(written by Stefan Geiss)
The starting point for the whole project was my passion for drawing. I always liked drawing of all sorts and at some point i wanted to create my own topos. Later on, this passion began to be a hobby of its own, meaning i wanted to draw topos of the whole climbing area „Schwäbische Alb". The plan was to publish them in one complete book. My wife Constanze was my greatest supporter. Being a climber herself, she helped researching crags that were difficult to climb on my own, for example Schaufelsen. She also dealt with finding missing route names and developed a database with all routes and grades.
While researching, i got to know many climbing areas that were previously unknown to me and i also found many new routes. Therefore, i sometimes brought the drill instead of the pencil and created new climbing routs. When i worked in the Lautertal in 2003, i discovered the „Hohenhundersingen" that had not been bolted until then. Since i was interested, i contacted the person who looked after various crags in that area. That happened to be Uwe Kiefer, who invited me to join him making this area accessible. I introduced him to my idea of creating a complete new climbing guide and learnt that he was planning an open source Topo Project which was initially to be about "Uracher Alb".
Since then, we have often contacted each other for various questions regarding climbing and nature protection and we exchanged a lot of information. Four years later, i had to face the fact that the guidebook could not be printed by the publisher i had worked with, for several reasons. So this project seemed to be impossible to finish. A lot of work wasted...
I then quit working with the publisher and did not quite know what to do with all the topos. They sat in a box for two more years and I was frustrated.
When Uwe finally learnt that my project was not going to happen, he had the idea to combine his open source project with all topos and data we had already collected. He explained that using an online concept would meet my requirement to be as "up to date" as possible regarding the topos. The Open-Source idea provides the possibility to update the topos when routes are reorganized or changed, or new routes emerge..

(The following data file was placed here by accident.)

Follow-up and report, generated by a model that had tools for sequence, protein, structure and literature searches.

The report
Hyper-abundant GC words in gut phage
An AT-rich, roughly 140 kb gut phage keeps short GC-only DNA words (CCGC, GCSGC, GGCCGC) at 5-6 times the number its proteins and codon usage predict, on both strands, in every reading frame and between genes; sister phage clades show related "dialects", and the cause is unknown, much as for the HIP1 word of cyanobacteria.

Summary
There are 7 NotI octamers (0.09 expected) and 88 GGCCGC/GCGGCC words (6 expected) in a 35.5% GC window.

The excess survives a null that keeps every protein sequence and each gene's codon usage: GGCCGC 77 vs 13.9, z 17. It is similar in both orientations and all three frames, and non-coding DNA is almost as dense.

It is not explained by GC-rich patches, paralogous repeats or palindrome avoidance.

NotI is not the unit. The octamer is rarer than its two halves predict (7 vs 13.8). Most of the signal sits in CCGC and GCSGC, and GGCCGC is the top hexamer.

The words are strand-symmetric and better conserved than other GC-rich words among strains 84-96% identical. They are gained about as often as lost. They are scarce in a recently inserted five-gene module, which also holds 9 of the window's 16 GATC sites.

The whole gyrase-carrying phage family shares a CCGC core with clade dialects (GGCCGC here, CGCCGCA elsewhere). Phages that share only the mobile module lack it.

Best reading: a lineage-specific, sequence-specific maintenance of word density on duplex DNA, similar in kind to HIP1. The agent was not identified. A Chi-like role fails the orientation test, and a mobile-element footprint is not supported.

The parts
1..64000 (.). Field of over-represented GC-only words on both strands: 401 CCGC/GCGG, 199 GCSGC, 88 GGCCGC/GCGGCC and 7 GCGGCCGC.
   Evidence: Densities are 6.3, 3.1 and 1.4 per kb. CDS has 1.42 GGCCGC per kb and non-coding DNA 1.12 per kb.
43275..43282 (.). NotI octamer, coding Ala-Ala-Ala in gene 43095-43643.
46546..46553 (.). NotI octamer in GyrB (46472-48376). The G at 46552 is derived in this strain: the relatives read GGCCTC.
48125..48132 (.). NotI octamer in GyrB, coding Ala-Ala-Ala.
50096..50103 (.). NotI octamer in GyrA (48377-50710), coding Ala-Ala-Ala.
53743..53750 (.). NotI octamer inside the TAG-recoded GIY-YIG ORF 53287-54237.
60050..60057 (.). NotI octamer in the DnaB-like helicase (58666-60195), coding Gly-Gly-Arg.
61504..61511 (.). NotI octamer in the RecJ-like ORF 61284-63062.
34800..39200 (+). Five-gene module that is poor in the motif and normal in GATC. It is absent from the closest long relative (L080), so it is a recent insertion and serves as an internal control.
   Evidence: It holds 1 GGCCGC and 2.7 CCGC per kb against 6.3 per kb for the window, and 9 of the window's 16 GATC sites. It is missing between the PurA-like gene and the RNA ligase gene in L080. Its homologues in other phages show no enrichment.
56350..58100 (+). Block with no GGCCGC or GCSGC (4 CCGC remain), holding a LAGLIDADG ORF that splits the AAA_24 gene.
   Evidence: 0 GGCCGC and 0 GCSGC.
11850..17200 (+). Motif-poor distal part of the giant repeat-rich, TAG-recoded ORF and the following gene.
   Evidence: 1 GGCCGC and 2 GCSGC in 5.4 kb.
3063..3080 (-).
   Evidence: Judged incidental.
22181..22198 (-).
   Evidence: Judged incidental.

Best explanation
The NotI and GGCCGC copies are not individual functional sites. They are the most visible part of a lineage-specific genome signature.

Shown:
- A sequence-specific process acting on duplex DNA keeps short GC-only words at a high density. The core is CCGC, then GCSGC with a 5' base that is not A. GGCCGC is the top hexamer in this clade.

So, in 2012,we decided to start the project, altered the drafts to make them web compatible and Uwe managed to work his way through content management, web design and the time-consuming work of creating databases and uploading and designing everything. Using smartphones and tablets outdoors, enables users to find all kinds of information within seconds. So why carry the heavy guidebook to the crags, when you already have everything at hand?
Being „tied in" now does not only mean the hot end of the rope for us, but also using the hot and fast Internet accesses. It took two more years to get everything ready: 520 drawings, 170 descriptions, 500 charts, 520 pictures and 520 PDF files. On top of that, it was not quite a walk in the park to do all the paperwork regarding licenses etc.
Finally in 2014, we were able to proudly present a platform that can be used online and offline and is completely free of charge. It is open source at its best; a groundbreaking project for route charts and topos worldwide. It is free, made by climbers to be used by climbers.
So, if you have topos of crags or even an area, make sure to get the CC+SLA license and send it to us. We will then publish it here on "RockTopo". Both licenses (Creative Commons + Source License Agreement) will protect you as creator and also the whole project to keep creativity and the spirit of the community high.
Finally, the three of us wish you a lot of fun on RockTopo.org and hope for your support.
At this point we would like to thank especially Julia Pünsch, for her translation of the SLA license, and the correction of our project pages in English.